I want to share a story I wrote some time ago and that was published in Maximum Living Magazine. It's all about life shaping us on the anvil and preparing us for days ahead. I shall not go into why October, 2013 was my last entry, but after reading this post you may get the idea. Sometimes we're on the anvil being shaped, sometimes we're a finished product waiting and sometimes we are not sure where we are in the whole process. A lot of shaping has been going with me. Probably with you, too. Enjoy the article.
Shaped on the Anvil
My ancestral grandfather was a blacksmith and I’ve often thought of his role within his settlement at the time. A blacksmith proved an essential member of the community. Why? For one thing, one hundred and fifty years ago, the blacksmith forged and hammered tools needed to farm, to haul and to survive. That role is unnecessary today with all our inventions and engineering techniques available.
This analogy of the blacksmith, with his hammer and anvil over the fire, brings other thoughts to me today, though. I recall God’s words about being shaped or refined by fire and how fire will test the quality of each man’s work (Malachi 3:2 and I Corinthians 3:13). I, then, visualize myself as that piece of iron on the anvil and the blacksmith foraging me into a useful tool, being shaped for God’s purpose. I see myself crafted into a thing of beauty, an instrument worthy of God’s blessing. I focus on the finished product.
In the blacksmith’s day, fire sharpened iron. Thus, we might say that being salted with fire is common to man so he might become strong and refined to endure suffering and then purification. Perhaps Saint Paul had this in mind when he said in 2 Timothy 2:21 “…man…will be an instrument for noble purposes, made holy, useful to the Master and prepared to do any good work.” We’re also told “as iron sharpens iron, so one man sharpens another.” Admonishing and embracing one another with God’s love becomes part of our noble purpose.
Author Max Lucado, in his book titled, On the Anvil, has things to say about the fire’s refining power. The writings of Pastor Max Lucado of San Antonio, Texas have become my new-best-friend-forever and I now own twenty five of his books! Yes, I agree, a little excessive, but his words sing to me in refreshing and resourceful ways. Let me share what he says about tools in the blacksmith’s shop.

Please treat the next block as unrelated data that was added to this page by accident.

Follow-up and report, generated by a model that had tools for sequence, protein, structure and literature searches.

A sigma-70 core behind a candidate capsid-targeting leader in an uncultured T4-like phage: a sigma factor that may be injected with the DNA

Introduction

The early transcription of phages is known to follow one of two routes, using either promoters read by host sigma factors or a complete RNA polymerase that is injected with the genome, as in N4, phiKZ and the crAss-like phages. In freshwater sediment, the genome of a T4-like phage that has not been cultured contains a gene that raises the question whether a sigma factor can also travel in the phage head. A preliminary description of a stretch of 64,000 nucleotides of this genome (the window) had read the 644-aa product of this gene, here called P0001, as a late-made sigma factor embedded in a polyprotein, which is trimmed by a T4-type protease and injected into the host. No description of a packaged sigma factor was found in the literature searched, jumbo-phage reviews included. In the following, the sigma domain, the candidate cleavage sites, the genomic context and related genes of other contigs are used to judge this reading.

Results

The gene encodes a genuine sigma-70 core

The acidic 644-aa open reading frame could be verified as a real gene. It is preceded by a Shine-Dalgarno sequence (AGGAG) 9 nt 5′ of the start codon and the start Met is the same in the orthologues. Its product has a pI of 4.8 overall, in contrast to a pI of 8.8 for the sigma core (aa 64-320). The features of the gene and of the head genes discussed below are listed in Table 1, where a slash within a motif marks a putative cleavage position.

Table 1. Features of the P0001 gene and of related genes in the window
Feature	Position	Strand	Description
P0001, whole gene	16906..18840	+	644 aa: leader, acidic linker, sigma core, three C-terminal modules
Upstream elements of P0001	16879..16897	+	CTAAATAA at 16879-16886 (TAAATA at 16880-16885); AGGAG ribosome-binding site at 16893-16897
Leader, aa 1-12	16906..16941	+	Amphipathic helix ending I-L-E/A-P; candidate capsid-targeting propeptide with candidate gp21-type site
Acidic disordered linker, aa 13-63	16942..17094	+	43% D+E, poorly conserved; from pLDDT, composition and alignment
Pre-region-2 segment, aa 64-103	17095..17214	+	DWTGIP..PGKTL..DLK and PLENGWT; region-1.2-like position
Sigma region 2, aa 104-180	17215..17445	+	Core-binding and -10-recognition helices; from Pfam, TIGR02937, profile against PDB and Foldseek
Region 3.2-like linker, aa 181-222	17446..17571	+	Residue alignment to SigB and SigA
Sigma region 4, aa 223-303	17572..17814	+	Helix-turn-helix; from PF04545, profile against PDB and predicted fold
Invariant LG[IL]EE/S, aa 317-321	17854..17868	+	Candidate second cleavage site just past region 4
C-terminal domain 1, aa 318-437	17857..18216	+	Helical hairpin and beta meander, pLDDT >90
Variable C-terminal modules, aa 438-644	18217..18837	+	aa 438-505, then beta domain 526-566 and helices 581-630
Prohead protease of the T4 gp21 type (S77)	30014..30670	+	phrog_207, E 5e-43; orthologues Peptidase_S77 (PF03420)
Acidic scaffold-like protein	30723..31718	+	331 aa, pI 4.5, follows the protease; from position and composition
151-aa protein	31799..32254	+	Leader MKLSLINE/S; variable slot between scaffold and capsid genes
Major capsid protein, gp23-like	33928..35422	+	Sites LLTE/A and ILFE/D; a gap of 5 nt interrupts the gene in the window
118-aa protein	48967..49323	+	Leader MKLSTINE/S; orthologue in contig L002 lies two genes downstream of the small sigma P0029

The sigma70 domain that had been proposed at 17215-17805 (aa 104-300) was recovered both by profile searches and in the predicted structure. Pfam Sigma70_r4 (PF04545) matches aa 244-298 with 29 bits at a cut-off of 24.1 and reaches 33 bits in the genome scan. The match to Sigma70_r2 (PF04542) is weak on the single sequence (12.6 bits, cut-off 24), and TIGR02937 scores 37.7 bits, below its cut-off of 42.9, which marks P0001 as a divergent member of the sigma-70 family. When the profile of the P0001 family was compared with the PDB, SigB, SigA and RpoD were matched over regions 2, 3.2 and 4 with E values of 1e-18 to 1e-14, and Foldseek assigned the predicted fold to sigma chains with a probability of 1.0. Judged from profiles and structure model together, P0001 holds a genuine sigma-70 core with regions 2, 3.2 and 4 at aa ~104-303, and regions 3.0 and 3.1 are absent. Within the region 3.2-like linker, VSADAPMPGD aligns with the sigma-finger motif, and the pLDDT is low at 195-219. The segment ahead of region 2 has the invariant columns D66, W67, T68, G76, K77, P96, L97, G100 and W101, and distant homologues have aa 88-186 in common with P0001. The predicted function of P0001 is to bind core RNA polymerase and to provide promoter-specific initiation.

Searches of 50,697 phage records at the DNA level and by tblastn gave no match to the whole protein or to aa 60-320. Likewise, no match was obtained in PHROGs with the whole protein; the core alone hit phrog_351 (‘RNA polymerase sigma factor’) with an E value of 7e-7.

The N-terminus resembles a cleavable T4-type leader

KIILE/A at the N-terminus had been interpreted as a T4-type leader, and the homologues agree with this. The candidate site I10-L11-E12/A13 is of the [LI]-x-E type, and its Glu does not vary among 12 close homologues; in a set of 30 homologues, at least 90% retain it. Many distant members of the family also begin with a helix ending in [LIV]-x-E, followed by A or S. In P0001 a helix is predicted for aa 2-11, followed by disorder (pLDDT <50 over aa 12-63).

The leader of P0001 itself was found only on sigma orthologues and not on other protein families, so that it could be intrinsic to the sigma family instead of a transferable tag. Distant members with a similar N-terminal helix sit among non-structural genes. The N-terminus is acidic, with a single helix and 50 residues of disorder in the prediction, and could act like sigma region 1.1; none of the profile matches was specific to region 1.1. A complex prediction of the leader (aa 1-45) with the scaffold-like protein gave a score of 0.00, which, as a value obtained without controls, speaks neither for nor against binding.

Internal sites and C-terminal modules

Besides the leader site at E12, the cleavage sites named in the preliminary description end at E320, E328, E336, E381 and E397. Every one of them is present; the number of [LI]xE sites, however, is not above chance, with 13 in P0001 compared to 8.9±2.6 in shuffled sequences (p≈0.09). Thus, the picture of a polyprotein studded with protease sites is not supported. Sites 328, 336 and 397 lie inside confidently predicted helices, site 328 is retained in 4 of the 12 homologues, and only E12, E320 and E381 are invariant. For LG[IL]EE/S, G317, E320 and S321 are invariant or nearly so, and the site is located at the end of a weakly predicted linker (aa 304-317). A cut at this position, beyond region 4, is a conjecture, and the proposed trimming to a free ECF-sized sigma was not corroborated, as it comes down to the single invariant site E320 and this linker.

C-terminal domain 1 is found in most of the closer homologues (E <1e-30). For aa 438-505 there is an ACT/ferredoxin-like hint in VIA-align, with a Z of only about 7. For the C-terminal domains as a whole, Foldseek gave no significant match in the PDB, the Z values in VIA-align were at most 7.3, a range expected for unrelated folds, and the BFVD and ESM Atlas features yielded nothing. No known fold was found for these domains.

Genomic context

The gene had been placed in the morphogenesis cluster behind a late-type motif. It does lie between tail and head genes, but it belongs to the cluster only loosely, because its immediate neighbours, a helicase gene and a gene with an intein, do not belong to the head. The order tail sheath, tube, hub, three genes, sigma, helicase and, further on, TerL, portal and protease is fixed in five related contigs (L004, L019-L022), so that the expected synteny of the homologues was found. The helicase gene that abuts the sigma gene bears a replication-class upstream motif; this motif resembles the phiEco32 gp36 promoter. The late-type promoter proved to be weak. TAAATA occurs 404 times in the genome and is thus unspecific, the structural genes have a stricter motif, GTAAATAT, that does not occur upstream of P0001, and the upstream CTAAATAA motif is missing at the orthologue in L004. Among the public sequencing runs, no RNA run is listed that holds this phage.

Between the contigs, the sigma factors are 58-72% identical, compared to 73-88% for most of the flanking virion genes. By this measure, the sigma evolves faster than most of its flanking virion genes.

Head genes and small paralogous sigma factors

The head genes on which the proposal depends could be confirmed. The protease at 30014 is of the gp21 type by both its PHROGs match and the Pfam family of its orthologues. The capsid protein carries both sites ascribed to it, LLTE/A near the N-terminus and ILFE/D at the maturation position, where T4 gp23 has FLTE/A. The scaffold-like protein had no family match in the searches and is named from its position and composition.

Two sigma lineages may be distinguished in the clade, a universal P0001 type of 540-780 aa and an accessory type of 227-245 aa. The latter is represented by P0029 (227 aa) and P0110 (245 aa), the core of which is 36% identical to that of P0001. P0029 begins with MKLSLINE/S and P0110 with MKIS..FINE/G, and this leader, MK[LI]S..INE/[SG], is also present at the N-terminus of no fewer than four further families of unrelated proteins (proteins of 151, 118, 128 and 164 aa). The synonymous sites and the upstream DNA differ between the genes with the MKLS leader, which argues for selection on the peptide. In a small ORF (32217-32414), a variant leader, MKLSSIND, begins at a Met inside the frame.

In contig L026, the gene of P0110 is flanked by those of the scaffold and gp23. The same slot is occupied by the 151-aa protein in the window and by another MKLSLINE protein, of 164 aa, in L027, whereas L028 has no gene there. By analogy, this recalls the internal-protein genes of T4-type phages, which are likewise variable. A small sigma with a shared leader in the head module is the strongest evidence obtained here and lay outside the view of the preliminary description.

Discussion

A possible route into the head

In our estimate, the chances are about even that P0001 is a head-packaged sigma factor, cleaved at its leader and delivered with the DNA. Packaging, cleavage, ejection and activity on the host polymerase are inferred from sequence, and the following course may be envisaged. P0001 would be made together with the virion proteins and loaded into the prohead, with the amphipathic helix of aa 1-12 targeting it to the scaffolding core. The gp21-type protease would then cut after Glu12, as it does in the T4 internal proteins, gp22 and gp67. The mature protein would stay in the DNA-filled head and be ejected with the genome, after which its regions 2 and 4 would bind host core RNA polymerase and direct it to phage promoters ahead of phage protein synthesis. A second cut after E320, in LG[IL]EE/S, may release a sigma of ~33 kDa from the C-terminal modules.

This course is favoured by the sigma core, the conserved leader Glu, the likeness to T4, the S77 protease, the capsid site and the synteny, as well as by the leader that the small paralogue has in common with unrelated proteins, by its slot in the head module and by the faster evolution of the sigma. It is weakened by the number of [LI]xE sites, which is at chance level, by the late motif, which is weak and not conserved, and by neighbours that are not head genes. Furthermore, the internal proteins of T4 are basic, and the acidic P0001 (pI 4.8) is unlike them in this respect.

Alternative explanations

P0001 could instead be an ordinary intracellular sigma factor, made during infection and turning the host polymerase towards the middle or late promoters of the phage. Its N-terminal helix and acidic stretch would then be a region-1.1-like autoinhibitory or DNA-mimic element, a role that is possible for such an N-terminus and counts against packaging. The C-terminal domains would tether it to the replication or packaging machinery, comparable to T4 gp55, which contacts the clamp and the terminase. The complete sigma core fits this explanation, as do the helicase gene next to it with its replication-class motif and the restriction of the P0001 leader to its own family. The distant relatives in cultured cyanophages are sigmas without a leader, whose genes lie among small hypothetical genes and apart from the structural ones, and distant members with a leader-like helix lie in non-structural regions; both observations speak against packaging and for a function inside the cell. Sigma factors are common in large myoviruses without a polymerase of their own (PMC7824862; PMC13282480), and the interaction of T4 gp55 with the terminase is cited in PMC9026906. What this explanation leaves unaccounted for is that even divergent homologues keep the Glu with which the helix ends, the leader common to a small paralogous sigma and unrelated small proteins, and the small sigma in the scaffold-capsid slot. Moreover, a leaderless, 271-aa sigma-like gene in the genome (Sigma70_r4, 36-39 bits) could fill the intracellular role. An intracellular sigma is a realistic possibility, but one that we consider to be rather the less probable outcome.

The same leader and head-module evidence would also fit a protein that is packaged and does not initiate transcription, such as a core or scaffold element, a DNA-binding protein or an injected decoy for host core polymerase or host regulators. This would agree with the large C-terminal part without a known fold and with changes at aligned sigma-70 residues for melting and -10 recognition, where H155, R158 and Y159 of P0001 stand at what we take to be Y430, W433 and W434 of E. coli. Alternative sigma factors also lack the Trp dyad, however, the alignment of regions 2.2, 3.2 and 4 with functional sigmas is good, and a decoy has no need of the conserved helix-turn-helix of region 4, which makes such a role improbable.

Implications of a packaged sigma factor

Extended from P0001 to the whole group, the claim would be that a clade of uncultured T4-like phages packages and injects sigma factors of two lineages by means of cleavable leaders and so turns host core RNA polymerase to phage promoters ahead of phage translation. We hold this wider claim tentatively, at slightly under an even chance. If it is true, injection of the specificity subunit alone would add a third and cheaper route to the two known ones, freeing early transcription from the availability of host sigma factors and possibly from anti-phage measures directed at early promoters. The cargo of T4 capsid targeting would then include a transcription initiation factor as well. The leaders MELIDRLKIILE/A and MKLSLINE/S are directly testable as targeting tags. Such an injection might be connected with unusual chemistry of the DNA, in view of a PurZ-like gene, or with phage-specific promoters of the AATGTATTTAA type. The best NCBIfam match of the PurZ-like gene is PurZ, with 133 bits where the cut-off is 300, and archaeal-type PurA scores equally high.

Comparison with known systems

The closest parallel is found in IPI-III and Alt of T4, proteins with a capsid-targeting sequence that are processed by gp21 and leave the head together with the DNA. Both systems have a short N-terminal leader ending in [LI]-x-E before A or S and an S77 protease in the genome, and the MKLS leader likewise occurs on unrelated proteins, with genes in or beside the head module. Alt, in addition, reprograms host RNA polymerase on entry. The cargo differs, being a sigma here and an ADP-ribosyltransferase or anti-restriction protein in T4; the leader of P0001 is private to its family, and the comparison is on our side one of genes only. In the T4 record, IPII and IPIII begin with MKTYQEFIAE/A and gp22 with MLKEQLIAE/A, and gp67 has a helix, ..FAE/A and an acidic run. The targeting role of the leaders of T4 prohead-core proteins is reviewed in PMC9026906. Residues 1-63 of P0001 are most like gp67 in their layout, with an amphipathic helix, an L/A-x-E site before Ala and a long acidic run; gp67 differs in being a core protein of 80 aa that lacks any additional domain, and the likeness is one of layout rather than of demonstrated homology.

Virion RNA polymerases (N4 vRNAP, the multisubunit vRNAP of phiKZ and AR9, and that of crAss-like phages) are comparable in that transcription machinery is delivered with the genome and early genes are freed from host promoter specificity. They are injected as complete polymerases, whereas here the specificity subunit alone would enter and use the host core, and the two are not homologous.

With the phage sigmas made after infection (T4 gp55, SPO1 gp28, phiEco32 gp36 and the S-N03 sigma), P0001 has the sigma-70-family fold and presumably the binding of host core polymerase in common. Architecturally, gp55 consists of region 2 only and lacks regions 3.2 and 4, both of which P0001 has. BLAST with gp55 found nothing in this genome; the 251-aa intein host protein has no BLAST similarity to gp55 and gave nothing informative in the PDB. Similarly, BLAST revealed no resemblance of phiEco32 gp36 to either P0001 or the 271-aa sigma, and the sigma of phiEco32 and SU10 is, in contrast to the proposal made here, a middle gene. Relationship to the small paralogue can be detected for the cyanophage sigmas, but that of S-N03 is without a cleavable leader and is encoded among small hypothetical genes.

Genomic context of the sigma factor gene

He says there are three kinds of tools found in the blacksmith’s shop. There are tools on the junk pile, tools on the anvil, and tools of usefulness lying in the blacksmith’s tool chest. The junk pile tools languish without a calling or a purpose in the scrap pile. They symbolize people with fires quenched and dreams dashed, yet unwilling to push forward. Secondly, many tools already lie on the anvil, ready to be hammered and molded, and like people with hearts open, ready for a purpose. Lastly, the tools of usefulness rest in the toolbox, primed, fired and ready for action, for the Master’s use. A desirable position.
We’re all there somewhere in that blacksmith’s shop, aren’t we?
The scrap pile doesn’t define our destiny unless we let it. We need not be victimized by one, yea two, even three failures, when we accept failure is not fatal or forever. If we’re on the anvil, being hammered and honed, let us submit willingly, knowing it is for our better good and God’s glory. It also means God still thinks we’re worth messing with. He hasn’t given up on us. If we find ourselves in the toolbox, all cleaned up and ready, let’s get excited. There’s work ahead. We are ready to be an instrument for a noble purpose for God.
Max Lucado doesn’t say it, but I will. Just because we find ourselves in one spot in the blacksmith shop, doesn’t mean we’re stuck there. It’s never too late to spring for the anvil and then push for the polished product. I will also say this. Unless we’re vigilant, we can go from polished product back to the scrap pile, or perhaps, more likely, back to the anvil. Life keeps coming at us in unexpected ways and our race continues.
Let us finish the course and win the prize.
A very happy and blessed 2014 to you.